Now that Pharaoh is in the care of Do Over Dogs, he is so much more than just “another stray.” Pharaoh is an 80 pound dude with an even bigger personality. He LOVES bully sticks and walks and his youthful mind says, “let’s walk forever!” although his hips say, “slow it down, please!” If he trusts you, you are his person. A dog who has been through so much, yet has so much to give. He is smart, loves driving in the car, and has mastered a strong recall. At the shelter, Pharaoh was a dog  who was wary of new people and other dogs, but you’d be surprised what a little consistency, patience, and routine can do for a dog who has been through so much.

And if you look into Pharaoh’s eyes, you’ll see it: despite a life of struggles, hardships, and experiences that we will never fully understand, you will find love, hope, and a sense of wonder.

We don’t know if this is Pharaoh’s true second chance. If I had to guess, I’d say it is likely his third, fourth, fifth, or even more. Seven years of being shuffled around, neglected, abandoned, and ignored has not been easy for Pharaoh but Do Over Dogs is giving Pharaoh a chance at a lifetime. And even if that “lifetime” is just a handful more of years to us humans, it’s everything to Pharaoh.

Will you be Pharaoh’s final forever? You can head here to find out more information and to fill out an application. Pharaoh has made quite the strides under the care of Do Over Dogs and once he has completed some extra dog training, this beautiful boy will be ready for you to take home. Please help us raise Pharaoh’s digital visibility by sharing his story in your social circles and together, we hope to help find Pharaoh the home he has waited his whole life to go home to.

Want to buy coffee to support Pharaoh? Head to our online store and you'll have a chance to selet "Pharaoh's story" at checkout. 25% of profits from all bag purchases featuring Pharaoh will be donated to Do Over Dogs. 


Promise the Wonder Dog

In July of last year, a family walked into Grand Strand Humane Society (GSHS), in Myrtle Beach, South Carolina holding a 5 month old puppy. “We want to surrender this dog to you,” they said. It was clear right away that something was different about the puppy. The family rushed through a quick explanation- “It was an accident,” they said, “we closed the car door on her.” The family quickly handed off the little puppy and promptly left and that’s where Promise has remained, ever since: in the care of Grand Strand Humane Society, waiting to be adopted.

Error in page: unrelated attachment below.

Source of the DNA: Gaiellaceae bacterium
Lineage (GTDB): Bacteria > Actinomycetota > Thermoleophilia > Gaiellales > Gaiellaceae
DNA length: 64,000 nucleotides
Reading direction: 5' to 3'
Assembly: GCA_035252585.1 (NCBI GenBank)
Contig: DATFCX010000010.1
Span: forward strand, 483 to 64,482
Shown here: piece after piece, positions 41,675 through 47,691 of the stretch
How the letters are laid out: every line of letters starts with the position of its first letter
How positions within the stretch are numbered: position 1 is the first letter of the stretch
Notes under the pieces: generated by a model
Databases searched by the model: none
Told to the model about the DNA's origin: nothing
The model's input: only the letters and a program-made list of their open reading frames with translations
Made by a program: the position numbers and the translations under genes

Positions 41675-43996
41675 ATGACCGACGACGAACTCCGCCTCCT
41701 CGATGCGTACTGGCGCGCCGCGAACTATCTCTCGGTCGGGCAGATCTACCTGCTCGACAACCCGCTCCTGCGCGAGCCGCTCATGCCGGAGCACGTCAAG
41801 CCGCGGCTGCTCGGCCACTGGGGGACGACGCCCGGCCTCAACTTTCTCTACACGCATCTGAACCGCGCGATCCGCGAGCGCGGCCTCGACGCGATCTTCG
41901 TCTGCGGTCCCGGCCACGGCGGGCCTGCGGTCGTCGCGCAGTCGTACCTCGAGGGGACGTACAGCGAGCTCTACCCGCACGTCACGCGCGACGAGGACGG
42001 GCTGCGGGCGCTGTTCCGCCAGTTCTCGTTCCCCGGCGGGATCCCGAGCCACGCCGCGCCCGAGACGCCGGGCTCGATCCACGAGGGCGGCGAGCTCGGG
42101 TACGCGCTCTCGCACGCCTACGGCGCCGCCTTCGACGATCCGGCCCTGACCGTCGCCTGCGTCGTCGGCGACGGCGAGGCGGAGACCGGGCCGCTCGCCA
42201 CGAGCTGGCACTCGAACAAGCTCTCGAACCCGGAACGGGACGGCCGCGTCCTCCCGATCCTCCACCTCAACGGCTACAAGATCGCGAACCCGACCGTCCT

Promise can’t tell us her version of events so we can only repeat what was told to us by her previous owners. In any case, whatever event occurred prior to Promise being surrendered, it caused paralysis in her back legs, leaving her incontinent.

Owner surrenders are exceptionally hard on dogs. The only family they have ever known simply leaves one day and never comes back. It's confusing and we have no way of really explaining it to them. All we can do is forge forward and try to show them a life of love, kindness,  and second chances.

Owner surrenders can be exceptionally hard on the shelter staff as well. Work at a shelter long enough and you've likely heard almost every excuse in the book. Excuses range from, "we got a new puppy and can't care for our senior dog anymore," to "we are moving."

Grand Strand Humane Society is no stranger to local problems that greatly exacerbate the number of intakes they receive in a year (about 3,000). The city of Myrtle Beach is rapidly growing and animal friendly housing is becoming increasingly harder to find. That, coupled with the tourist sector has greatly impacted the number of surrendered and abandoned pets. It is not uncommon for animals to be left behind at hotels and condominiums.

GSHS, like many shelters across the U.S is often overcrowded and underfunded. But despite a shortage of funds and a steady stream of intakes, GSHS remains a no-kill shelter meaning they won't euthanize dogs because of space or time. This allows dogs like Promise extra time to find adoption commitments without the pressure of time constraints whereas a kill shelter would have likely euthanized her by now given her long term commitment and special care considerations.

The real heroes in Promise’s life are the shelter employees and volunteers who have gone above and beyond for Promise to make her stay as comfortable as possible. Volunteers like Lindsey who is also a member of the Board of Directors for Grand Strand Humane Society and who took the time to be interviewed by us. These ladies have been exceptional in their efforts to coordinate and facilitate care for Promise. So much, that unlike most of the other dogs who wait out their stay in kennels, Promise spends her days behind the front desk where staff can keep a thoughtful eye on her. At night, she has special sleeping accommodations in a quieter area of the shelter, where she won’t be overwhelmed by the coming and goings of staff or the verbal demands from noisy kennel neighbors.

Thanks to the relentlessness of the GSHS staff, Promise now can move around comfortably in her new set of shiny wheels, compliments of Walkin Pets, a company that specializes in pet mobility equipment.